15
Hours? It takes seconds...
16
Ah, just checked with a friend: The flush left/ragged right versus full justification setting is chosen by a publisher, and it's a per-book item. Stupid idea to justify text across narrow widths.
17
The Kindle is a knife in the heart of the neighborhood bookstore. And the neighborhood bookstore is the heart of the neighborhood.

Please consider that before purchasing this doohickey.
18
@17 - I have a Kindle, and I still buy books from neighborhood bookstores, in no less quantity than before.

But really, computers and the Internet are the real knives in the heart of the bookstore and countless other cherished businesses. Please stop using computers and the Internet.
19
^^ Before that TV was the stake in the hear of the neighbourhood bookstore, and before that Cinema, and Radio. When was this time that neighbourhood bookstores were the heart, and who for?
20
Anything that makes the *possibility* of reading more ubiquitous is a good thing, as far as I'm concerned.

I love Kindle for iPhone. I love Kindle. I love books. They each get me to the same places, just via different paths.
21
@17 Astonishing that people *still* fail to realize that progress happens. The automobile was a knife to the heart of the town blacksmith, and the blacksmith was the heart of the town. But towns adapted. Perhaps you should as well?
22
The mystery is why the Kindle app is only available in the US. The Kindle device being US-only makes sense due to the wireless and magazine subs, etc., but why limit the iPhone Kindle app to the US?

The publishers? They haven't objected to eReader and Stanza on the iPhone (and eReader/MobiPocket/MS-Reader, etc. on other devices) giving consumers worldwide access to tens of thousands of in-copyright works from many online (mostly US-based) ebook retailers. Now that Fictionwise/eReader.com are owned by B&N are the publishers suddenly going to insist that eReader/MobiPocket/MS-Reader etc. only be downloadable by US residents and US ebook retailers only sell to US residents? Seems unlikely. The copyright territory game has been well and truly lost with ebooks already, piggy's not coming back.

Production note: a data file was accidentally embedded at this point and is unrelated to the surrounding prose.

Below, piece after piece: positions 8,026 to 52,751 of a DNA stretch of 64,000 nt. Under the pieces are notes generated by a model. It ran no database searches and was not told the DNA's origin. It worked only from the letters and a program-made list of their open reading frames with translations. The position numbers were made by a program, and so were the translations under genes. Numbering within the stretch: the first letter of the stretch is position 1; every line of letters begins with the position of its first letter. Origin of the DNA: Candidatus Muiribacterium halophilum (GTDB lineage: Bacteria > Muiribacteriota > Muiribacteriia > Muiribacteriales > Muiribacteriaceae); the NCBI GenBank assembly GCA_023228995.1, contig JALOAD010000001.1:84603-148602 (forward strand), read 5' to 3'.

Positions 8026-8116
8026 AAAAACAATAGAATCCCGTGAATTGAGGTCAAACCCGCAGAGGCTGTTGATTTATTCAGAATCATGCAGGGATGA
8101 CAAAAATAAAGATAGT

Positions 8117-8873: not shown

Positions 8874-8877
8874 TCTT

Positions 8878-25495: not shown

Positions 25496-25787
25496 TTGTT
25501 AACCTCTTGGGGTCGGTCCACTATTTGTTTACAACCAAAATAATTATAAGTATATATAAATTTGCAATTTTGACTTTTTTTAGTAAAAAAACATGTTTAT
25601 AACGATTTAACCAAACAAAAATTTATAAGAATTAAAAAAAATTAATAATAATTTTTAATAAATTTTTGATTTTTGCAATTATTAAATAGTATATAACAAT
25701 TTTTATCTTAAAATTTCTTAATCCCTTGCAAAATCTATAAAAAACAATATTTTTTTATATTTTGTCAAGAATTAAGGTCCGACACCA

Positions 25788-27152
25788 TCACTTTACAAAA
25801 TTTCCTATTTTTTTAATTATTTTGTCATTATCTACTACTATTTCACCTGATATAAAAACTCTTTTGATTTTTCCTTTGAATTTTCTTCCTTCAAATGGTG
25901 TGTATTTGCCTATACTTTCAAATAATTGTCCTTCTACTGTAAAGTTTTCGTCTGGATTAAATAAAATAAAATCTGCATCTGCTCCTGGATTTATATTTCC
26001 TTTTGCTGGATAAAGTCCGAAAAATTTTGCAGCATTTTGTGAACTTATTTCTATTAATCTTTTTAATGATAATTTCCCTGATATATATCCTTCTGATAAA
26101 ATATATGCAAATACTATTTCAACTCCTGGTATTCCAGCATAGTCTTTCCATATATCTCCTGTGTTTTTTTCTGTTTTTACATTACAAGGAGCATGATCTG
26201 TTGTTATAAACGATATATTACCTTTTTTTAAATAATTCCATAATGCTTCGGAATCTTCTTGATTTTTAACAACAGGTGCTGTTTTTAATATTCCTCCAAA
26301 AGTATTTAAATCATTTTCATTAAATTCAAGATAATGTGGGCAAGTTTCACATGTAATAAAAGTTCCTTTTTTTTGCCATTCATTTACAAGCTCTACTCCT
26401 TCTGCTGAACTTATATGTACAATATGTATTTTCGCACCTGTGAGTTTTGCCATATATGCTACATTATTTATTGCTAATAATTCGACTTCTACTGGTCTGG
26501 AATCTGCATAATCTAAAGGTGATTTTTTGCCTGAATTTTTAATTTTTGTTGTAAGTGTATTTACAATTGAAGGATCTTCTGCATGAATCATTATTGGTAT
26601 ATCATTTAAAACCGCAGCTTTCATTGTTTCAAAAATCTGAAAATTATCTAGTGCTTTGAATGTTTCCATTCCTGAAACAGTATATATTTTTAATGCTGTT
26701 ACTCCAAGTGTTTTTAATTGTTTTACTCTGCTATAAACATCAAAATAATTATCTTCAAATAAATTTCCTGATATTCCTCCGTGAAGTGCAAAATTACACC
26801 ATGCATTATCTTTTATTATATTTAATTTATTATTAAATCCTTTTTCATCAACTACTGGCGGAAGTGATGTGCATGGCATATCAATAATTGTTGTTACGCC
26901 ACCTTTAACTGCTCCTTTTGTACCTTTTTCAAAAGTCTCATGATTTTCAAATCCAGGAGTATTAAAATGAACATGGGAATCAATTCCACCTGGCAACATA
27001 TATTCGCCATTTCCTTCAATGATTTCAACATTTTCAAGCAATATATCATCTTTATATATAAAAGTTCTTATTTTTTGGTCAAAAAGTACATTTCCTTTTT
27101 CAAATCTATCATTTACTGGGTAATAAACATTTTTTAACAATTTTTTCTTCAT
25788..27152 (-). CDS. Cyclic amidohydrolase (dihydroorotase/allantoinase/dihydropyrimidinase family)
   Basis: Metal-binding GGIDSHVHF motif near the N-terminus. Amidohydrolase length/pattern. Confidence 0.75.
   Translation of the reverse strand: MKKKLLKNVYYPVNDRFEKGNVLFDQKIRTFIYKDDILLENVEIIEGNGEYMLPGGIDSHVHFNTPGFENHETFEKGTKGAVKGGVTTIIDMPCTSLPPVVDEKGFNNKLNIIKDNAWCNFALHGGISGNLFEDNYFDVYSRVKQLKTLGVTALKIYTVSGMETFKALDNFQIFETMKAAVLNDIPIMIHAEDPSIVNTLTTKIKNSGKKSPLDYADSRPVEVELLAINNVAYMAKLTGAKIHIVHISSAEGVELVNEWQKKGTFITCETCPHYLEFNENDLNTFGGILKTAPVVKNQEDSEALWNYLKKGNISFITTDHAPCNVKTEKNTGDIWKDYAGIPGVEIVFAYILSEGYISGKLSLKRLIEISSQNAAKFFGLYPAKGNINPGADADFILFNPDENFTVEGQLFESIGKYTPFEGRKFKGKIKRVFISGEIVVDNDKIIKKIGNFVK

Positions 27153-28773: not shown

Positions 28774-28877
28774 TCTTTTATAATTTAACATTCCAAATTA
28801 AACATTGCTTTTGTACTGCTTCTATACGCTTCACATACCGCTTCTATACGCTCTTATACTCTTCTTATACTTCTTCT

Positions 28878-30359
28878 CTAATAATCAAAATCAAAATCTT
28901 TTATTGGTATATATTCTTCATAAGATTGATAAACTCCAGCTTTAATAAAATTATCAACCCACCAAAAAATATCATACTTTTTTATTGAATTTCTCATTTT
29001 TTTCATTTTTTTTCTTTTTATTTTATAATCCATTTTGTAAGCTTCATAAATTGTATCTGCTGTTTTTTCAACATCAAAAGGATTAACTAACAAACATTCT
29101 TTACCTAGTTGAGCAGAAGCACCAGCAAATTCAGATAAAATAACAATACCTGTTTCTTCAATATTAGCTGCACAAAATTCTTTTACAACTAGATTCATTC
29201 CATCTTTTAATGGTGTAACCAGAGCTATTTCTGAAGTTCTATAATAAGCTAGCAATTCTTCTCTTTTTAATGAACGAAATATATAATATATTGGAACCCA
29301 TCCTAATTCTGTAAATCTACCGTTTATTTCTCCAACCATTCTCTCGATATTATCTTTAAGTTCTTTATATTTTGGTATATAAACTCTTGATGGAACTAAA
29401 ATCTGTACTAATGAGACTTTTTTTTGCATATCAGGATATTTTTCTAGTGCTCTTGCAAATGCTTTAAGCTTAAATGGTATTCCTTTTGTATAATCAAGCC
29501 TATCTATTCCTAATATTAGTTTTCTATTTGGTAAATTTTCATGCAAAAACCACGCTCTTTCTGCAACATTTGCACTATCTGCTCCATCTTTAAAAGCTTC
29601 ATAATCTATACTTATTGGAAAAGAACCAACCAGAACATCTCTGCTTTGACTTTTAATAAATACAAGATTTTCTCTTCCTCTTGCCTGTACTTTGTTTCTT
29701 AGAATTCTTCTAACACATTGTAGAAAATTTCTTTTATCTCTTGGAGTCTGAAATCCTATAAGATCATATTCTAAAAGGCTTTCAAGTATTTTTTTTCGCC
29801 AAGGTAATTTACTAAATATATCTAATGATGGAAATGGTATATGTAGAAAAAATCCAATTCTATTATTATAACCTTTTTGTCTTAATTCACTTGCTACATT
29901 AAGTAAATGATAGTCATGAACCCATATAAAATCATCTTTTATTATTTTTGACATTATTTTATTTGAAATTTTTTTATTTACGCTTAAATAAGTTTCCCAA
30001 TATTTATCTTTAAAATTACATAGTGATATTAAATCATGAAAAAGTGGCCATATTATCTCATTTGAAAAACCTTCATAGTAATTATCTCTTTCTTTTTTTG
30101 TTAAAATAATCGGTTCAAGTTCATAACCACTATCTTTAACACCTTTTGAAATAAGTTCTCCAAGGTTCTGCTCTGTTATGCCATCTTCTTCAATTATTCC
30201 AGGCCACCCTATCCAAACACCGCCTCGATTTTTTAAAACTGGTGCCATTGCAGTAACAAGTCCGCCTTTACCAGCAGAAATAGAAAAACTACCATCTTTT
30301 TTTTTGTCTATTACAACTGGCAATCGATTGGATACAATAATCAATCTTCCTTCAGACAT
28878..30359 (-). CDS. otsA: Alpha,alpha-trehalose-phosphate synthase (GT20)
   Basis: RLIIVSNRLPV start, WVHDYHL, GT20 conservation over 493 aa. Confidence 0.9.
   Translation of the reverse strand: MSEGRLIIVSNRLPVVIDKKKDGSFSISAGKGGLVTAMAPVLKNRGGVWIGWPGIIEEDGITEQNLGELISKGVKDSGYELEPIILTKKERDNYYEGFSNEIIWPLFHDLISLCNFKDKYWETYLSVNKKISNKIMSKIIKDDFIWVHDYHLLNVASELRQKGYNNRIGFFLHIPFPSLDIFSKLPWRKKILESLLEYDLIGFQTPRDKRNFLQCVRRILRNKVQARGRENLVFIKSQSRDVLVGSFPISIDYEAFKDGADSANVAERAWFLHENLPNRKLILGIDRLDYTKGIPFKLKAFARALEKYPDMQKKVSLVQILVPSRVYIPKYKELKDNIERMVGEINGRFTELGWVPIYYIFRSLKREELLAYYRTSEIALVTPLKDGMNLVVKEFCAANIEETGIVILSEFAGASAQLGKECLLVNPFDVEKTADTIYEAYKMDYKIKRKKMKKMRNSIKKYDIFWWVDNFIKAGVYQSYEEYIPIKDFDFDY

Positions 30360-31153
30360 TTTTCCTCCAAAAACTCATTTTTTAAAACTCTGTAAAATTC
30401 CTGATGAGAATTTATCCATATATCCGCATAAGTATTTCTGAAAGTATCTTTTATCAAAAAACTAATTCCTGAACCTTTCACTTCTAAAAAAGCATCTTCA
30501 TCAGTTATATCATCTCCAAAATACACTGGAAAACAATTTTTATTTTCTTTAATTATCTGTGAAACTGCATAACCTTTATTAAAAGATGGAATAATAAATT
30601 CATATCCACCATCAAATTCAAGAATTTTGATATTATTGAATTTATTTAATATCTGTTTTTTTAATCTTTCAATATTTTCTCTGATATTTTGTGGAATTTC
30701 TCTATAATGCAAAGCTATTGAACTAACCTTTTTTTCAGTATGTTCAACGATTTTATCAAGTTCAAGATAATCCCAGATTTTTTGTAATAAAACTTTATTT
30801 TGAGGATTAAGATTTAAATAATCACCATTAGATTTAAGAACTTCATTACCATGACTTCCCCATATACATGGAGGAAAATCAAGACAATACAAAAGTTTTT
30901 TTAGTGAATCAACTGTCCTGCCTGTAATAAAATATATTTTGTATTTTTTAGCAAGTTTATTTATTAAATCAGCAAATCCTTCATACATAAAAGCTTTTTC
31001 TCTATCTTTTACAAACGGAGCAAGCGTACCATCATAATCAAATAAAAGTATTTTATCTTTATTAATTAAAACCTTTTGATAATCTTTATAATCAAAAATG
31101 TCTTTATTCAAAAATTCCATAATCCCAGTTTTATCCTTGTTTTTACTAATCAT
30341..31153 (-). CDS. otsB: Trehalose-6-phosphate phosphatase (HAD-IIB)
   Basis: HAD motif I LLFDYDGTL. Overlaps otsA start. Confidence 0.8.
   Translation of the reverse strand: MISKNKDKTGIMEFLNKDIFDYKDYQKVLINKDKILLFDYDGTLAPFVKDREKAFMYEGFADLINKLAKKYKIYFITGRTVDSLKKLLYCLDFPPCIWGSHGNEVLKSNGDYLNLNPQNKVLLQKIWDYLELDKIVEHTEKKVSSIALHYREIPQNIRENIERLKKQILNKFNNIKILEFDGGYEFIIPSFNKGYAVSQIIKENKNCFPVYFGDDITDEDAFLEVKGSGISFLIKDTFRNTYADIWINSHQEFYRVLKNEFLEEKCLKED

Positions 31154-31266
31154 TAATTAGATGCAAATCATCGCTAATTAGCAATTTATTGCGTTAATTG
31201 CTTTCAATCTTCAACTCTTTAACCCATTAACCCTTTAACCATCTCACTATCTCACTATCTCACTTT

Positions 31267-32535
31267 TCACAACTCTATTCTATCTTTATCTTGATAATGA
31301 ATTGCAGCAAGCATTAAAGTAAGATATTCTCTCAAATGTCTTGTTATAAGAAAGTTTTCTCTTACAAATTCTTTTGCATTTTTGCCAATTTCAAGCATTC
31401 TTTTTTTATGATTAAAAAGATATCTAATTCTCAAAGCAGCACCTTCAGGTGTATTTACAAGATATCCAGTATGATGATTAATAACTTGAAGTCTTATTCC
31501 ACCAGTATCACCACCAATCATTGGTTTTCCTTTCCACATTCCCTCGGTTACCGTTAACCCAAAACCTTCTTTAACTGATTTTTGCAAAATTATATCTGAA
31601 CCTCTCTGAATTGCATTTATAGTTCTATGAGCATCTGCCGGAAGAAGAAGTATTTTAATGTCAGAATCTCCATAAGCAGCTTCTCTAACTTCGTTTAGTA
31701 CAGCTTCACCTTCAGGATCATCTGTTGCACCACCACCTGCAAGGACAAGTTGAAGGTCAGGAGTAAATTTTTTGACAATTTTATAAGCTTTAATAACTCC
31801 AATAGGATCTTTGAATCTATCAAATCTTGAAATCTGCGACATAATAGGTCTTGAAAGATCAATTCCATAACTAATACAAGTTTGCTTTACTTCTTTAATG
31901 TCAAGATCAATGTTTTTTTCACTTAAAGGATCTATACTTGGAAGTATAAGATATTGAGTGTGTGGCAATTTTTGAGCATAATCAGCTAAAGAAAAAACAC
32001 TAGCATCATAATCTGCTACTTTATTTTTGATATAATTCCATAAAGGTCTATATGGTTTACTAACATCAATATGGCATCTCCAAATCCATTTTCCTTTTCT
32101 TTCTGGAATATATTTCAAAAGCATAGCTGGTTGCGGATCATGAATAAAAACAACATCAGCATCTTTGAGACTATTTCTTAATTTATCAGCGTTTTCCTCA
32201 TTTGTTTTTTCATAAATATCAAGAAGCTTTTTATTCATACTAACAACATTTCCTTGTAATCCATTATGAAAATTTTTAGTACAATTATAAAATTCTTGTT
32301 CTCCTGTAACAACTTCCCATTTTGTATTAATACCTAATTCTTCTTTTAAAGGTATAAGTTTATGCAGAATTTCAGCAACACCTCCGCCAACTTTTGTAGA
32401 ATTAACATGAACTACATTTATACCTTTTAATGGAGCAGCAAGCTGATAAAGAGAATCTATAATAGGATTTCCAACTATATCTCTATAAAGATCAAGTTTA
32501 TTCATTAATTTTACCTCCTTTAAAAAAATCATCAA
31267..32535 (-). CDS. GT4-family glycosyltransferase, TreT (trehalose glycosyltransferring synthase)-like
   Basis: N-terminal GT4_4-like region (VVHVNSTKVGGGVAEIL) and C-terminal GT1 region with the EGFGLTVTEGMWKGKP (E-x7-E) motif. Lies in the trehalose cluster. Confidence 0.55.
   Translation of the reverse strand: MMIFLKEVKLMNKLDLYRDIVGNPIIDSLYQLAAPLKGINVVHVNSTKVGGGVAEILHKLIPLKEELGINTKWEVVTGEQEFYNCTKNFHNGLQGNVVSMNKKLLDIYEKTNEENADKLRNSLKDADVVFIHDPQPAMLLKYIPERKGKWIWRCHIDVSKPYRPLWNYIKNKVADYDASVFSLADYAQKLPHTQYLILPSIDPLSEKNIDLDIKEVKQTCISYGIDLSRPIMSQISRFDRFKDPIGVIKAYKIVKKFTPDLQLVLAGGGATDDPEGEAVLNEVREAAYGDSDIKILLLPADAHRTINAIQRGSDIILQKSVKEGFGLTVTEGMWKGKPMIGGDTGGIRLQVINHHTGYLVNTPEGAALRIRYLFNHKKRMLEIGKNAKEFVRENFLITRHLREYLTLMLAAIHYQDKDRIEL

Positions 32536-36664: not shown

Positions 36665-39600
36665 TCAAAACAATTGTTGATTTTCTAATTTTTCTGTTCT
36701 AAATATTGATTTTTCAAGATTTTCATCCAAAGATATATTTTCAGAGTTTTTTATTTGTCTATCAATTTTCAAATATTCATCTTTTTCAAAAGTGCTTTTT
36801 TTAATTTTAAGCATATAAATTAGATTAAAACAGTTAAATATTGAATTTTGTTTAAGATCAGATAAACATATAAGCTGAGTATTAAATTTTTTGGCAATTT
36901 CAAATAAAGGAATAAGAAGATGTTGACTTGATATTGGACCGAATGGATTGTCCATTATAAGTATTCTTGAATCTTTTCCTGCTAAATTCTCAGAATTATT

So why are the Kindle app and Kindle ebooks not available worldwide like every other ebook and reader app?
23
lololthisblogsuckslolololol
26
The Kindle 3 has begun to reach readers and already Kindle, Nook are causing a immense seismic shift. They have the first major book release that is selling IVA more ebooks than hardcovers
34
Im sure it will be fixed soon. They always make it were different componets are compatiable. Great Review.

yahoomail

yahoomail

tgi fridays
35
Im sure it will be fixed soon. They always make it were different componets are compatiable. Great Review.

yahoomail

yahoomail

tgi fridays
36
Im sure it will be fixed soon. They always make it were different componets are compatiable. Great Review.

yahoomail

yahoomail.com

tgi fridays
39
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43
Good article about iKindle. Thx many.

Branda
Branda